The Tax Court’s decision in Estate of Richmond set the appraisal community abuzz. Since then, many have commented on the two most obvious points: (1) the use of the net asset value method to determine the value of a holding company whose assets are mostly marketable securities; and (2) discounting for the built-in capital gains (BICG) tax by determining the present value of the future BICG tax liability.
But, in his recent BVR webinar, Prof. Jack Bogdanski (Lewis & Clark Law School), a long-time observer of the Tax Court, offered a unique perspective beyond the technical details. He called the decision a significant win for the IRS—if not from a numbers point of view, then from a theoretical standpoint.
For instance, even though the court agreed that a BICG liability discount was appropriate, it plainly rejected the estate’s proposed dollar-for-dollar approach, which was based on rulings in the Court of Appeals for the 5th and 11th Circuits. The Tax Court could do so, Bogdanski explains, because it is not bound by those decisions. What matters is the law of the circuit in which the executor resides. Here it was Pennsylvania, which is in the 3rd Circuit. Since the 3rd Circuit has not yet ruled on the issue, the Tax Court was free to come up with its own method. Assuming the estate will appeal—which it still has time to do—the 3rd Circuit would weigh in. But, Bogdanski stresses, don’t count on its overturning the Tax Court on this issue, particularly since the 2nd and 6th Circuits have disagreed with the 5th Circuit.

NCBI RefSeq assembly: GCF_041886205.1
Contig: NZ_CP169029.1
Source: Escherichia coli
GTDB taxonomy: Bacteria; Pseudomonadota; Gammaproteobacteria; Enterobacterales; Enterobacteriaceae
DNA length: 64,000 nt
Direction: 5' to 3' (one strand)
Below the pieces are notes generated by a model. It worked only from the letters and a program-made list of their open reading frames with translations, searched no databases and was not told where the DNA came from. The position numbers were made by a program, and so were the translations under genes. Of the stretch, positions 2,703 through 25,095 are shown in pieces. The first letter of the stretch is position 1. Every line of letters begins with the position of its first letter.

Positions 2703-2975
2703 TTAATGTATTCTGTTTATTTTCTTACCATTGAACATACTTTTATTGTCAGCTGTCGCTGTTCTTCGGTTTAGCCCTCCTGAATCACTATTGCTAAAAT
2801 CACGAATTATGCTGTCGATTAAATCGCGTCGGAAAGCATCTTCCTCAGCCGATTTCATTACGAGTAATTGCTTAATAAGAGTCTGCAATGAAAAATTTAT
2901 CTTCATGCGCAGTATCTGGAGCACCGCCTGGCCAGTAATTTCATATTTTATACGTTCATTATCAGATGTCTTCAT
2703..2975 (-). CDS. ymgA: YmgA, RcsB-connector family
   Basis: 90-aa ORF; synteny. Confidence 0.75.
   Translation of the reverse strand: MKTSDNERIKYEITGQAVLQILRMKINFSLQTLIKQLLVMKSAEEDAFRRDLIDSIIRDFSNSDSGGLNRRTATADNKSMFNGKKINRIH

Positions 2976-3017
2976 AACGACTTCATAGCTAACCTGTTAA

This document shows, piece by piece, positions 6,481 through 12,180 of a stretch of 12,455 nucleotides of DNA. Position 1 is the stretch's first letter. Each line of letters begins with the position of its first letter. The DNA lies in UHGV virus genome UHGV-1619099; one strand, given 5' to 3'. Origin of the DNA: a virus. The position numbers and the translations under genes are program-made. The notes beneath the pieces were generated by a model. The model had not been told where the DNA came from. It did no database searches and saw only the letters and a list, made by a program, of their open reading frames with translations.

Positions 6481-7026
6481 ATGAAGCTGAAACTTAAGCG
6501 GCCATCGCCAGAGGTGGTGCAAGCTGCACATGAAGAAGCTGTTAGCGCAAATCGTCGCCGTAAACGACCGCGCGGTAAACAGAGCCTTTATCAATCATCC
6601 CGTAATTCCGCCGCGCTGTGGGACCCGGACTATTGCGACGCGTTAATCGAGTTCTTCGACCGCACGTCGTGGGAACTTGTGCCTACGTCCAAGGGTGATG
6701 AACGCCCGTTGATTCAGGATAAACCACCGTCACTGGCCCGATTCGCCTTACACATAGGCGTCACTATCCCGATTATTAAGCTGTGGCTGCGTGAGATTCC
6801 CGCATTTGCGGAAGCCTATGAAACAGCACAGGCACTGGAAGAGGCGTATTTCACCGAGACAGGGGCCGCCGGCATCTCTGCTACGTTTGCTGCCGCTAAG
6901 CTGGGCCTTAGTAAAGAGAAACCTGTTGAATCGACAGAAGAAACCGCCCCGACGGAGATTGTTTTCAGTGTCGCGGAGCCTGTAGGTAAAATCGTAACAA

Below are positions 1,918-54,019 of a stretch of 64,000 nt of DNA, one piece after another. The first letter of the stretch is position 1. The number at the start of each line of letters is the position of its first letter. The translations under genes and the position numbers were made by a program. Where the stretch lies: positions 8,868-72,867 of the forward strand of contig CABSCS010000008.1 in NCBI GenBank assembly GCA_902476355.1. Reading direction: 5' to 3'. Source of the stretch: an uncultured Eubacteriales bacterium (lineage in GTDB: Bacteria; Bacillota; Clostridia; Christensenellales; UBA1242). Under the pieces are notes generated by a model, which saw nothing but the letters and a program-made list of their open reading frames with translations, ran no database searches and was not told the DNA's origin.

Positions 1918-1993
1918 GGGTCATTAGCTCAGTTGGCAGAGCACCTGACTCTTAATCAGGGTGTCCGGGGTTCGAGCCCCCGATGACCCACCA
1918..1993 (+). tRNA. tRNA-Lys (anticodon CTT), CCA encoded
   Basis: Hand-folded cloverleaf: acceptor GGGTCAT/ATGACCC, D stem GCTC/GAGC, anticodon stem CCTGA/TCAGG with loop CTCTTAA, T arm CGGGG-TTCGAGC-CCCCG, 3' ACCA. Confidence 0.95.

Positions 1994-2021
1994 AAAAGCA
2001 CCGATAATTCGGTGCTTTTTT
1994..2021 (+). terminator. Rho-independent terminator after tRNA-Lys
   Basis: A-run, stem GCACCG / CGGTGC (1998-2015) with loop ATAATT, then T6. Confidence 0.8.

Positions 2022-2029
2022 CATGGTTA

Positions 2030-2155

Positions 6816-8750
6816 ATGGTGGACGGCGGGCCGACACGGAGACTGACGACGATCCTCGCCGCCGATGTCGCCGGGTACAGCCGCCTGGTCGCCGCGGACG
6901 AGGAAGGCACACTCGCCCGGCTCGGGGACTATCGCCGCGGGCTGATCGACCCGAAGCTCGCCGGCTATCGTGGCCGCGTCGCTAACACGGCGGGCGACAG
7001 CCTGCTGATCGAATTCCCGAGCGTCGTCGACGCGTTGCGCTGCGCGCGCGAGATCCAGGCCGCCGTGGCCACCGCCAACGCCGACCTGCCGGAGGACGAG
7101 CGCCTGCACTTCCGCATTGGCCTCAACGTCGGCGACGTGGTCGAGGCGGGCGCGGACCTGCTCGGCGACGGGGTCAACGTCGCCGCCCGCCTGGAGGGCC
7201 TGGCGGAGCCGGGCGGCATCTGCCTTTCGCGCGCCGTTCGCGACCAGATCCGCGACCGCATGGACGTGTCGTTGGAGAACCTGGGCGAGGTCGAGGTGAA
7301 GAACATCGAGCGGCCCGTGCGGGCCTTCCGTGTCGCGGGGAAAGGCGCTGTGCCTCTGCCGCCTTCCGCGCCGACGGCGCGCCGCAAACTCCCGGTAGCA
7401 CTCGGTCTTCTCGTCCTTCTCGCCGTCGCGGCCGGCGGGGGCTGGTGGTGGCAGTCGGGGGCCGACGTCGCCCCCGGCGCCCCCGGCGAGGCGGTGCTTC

For more comments from Bogdanski, see the BVWire (free registration required).